Rotary Plotter - geometry 1
Rotary Plotter – geometry 1

Centering the pen wheel at (-R1,R1/2) with a radius of R1 obviously doesn’t work out, because the arc doesn’t reach the turntable pivot, so you can’t draw anything close to the center. At least I got to work out some step sizes.

A first attempt at coordinate transformation went nowhere:

Rotary Plotter - geometry 2
Rotary Plotter – geometry 2

After perusing the geometric / triangle solution, this came closer:

Rotary Plotter - geometry 3
Rotary Plotter – geometry 3

Hickory Shells for Bacon Smoking

Hickory trees run on a triennial cycle and 2017 produced a huge crop of nuts. My trusty Vise-Grip makes short work of the otherwise impenetrable shells:

Hickory Nuts - cracking in Vise-Grip
Hickory Nuts – cracking in Vise-Grip

A nut pick extracts the good stuff:

Hickory Nuts - cracked
Hickory Nuts – cracked

In round numbers, you get twice as much shell as you do nut meat, so there’s plenty of shells left over.

I wrapped 10 ounces of shells in a double layer of aluminum foil, poked two rows of air holes along the package, dropped it holes-up atop the “flavorizer” bars in the propane barbie, and smoked 5 pounds of cured pork belly into some of the finest bacon we’ve ever eaten.

Heated and starved for air inside the aluminum wrapper, the shells became charcoal:

Carbonized hickory shells
Carbonized hickory shells


T-shirt Shop Rags

Small wipes made from worn-out cotton t-shirts absorb most shop liquids, don’t overstay their welcome after short projects, and prevent the deep emotional attachment leaving swarf in the clothes washer. Scissors cutting gets tedious, so mooch a rotary cutter and slash away:

T-shirt shop rags
T-shirt shop rags

Synthetic fabrics don’t work nearly as well as cotton, so pay attention to the labels.


Vacuum Tube LEDs: PAR30 Halogen Spotlight

Breaking the fake heatsink off the big floodlight, drilling out the guts, and rebuilding it with a WS2812 RGBW LED left the PET braid too short for a nice curve from socket to bulb, so I swapped in a smaller and equally defunct PAR30 halogen spotlight:

PAR30 Halogen - red phase
PAR30 Halogen – red phase

And in green:

PAR30 Halogen - green phase
PAR30 Halogen – green phase

The white glass frit ring around the perimeter lights up nicely in the dark.

The knockoff Arduino Nano now runs the RGBW program, with Morse transmissions disabled and the white LED dialed back to MaxPWM = 32.


When I plugged the LCD into the RAMPS board, the USB current jumped from 70-ish mA to about 700 mA, which seemed odd. Eventually the problem followed the “Smart Adapter Board”, which has no active components and simply rearranges two pin headers into two ribbon cables, so what could go wrong?

This stared me in the face for a while until I recognized it:

RAMPS 1.4 - Smart Adapter - solder mask failure
RAMPS 1.4 – Smart Adapter – solder mask failure

Yup, that trace is supposed to run around the corner without merging into the ground plane and, of course, it carries the +5 V power supply to the LCD board. Just another production goof and, I’m certain, the boards don’t get any testing because they’re so simple.

Two cuts, a bit of scraping, a snippet of Wire-Wrap wire, and it’s all good:

RAMPS 1.4 - LCD panel
RAMPS 1.4 – LCD panel

The white-on-blue display is reasonably legible in person, even if it’s nearly invisible here. Might have something to do with polarization vs. the Pixel’s camera.

Everything else on the LCD board works fine. I set the beep to 50 ms and the tone to 700 Hz, which suit my deflicted ears better than the defaults.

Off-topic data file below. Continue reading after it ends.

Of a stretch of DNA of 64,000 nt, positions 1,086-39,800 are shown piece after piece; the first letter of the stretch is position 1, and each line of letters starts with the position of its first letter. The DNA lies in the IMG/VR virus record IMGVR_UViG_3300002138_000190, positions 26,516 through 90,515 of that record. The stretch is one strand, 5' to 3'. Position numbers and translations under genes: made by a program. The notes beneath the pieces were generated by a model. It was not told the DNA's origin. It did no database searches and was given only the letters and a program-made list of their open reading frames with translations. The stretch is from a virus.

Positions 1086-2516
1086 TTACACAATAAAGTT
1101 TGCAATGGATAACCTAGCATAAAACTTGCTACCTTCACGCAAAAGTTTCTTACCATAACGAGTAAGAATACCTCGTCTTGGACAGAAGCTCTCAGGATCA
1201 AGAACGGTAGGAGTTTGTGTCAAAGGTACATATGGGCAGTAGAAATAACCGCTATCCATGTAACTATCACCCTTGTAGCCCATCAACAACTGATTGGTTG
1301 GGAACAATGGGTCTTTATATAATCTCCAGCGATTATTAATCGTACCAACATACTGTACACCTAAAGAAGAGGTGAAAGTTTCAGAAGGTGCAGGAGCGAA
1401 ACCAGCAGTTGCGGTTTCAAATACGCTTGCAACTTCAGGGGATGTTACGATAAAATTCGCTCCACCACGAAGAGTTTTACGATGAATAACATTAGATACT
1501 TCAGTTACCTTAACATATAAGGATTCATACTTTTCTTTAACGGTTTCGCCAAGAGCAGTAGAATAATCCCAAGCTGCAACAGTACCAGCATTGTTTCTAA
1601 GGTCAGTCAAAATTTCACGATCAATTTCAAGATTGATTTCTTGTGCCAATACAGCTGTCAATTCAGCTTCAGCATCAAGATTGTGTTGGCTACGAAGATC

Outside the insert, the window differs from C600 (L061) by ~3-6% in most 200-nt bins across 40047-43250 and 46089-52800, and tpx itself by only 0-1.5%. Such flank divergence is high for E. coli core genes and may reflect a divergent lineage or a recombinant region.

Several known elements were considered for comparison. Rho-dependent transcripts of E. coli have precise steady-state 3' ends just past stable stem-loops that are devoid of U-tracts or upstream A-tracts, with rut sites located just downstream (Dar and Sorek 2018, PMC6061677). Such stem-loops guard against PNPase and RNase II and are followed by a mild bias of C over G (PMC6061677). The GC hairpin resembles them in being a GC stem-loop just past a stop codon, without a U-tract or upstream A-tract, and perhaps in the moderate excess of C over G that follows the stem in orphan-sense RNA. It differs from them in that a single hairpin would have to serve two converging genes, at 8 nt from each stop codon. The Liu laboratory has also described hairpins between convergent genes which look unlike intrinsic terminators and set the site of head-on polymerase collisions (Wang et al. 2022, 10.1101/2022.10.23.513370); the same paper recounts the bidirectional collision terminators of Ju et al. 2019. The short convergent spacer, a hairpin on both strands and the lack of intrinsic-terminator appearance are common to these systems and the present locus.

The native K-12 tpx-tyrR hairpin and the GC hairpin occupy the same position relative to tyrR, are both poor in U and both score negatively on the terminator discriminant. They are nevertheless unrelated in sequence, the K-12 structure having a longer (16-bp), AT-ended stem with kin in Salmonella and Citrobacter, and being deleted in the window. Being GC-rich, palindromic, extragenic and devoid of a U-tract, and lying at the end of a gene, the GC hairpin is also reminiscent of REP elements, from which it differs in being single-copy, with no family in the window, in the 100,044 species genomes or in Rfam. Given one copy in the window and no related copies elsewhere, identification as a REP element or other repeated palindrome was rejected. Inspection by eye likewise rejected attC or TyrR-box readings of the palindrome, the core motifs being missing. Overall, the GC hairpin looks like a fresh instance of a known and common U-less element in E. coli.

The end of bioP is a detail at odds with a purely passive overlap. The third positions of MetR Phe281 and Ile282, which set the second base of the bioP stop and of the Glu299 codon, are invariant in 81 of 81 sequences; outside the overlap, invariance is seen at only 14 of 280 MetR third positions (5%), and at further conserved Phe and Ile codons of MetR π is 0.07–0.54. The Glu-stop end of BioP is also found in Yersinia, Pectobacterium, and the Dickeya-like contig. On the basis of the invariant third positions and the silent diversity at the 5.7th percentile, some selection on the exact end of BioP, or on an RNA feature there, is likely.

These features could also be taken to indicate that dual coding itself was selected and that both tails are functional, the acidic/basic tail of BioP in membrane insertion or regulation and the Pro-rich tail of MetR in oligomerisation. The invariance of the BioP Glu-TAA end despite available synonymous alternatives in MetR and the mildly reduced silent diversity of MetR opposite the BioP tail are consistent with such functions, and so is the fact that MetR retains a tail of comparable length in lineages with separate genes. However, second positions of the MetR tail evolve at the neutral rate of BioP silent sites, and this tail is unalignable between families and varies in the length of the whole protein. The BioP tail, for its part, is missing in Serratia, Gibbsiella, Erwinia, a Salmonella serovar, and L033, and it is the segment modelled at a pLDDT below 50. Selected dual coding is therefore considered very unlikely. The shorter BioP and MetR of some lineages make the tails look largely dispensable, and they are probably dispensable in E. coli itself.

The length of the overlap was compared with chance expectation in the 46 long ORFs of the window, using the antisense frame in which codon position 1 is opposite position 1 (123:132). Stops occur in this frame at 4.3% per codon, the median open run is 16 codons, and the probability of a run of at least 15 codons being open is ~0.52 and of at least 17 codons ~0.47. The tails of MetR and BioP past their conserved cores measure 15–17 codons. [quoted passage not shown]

RAMPS 1.4: Configuration for Generic Motor Control

Configuring the knockoff RAMPS 1.4 board went reasonably smoothly:

RAMPS 1.4 - First Light
RAMPS 1.4 – First Light

The DC (n.b., not an AC) solid state relay in the foreground switches the 20 V laptop supply brick to the RAMPS shield atop the knockoff Arduino Mega 2560, controlled by the PS_ON pin (black wire), with +5 V from a pin in the AUX header (yellow wire). The SSR includes a ballast resistor limiting the current to 12 mA, with an inconspicuous red LED behind the black dot showing when the output is turned on.

Because it’s a DC SSR, polarity matters: the supply goes to the + terminal, the RAMPS power inputs to the – terminal.

I haven’t applied much of a load to to the SSR, but it works as expected. Define POWER_SUPPLY 1 and PS_DEFAULT_OFF so the boards starts up with the SSR turned off, then use M80 / M81 to turn it on / off as needed.

Remove D1 on the RAMPS board to isolate the Mega power from the +20 V supply. Stuffed as shown, the Mega draws 70 mA from the USB port, although an external 8 V (-ish) supply is always a good idea.

The stepper is a random NEMA 17 from the heap in a mount intended for a DIY plotter. I adjusted the tiny trimpots on all the boards for 400 mA peak = 250 mA RMS into the windings, after finding 250 mApk didn’t produce nearly enough mojo, even for a demonstration:

X Axis Stepper Drive
X Axis Stepper Drive

Just to get it running, I used DEFAULT_AXIS_STEPS_PER_UNIT = 100 step/mm, MAX_FEEDRATE 100 mm/s, and (for lack of anything better)
DEFAULT_*_ACCELERATION 1000. Those all depend the torque produced by the motor current, which is still way too low.

The endstops require X_???_ENDSTOP_INVERTING true.

I set the ?_BED_SIZE parameters to a generous 2000, with ?_MIN_POS equal to -SIZE/2 to put the origin in the middle where I prefer it, with a similar setting for the Z axis. Obviously, those numbers don’t correspond to any physical reality.

Three little 100 kΩ thermistors sprout from their header and produce reasonable temperatures, although (being cheap eBay parts) they may not match the Type 4 curve. I don’t have any heaters connected. All the over / under temperature lockouts are disabled, because I don’t care right now.

The G-Code parser wants uppercase command letters, which means I get to press the Caps Lock key for the first time in nearly forever!

The header along the right edge of the board connects to the LCD control board, which is another story.

The diffs for the Configuration.h and Configuration_adv.h files as a GitHub Gist: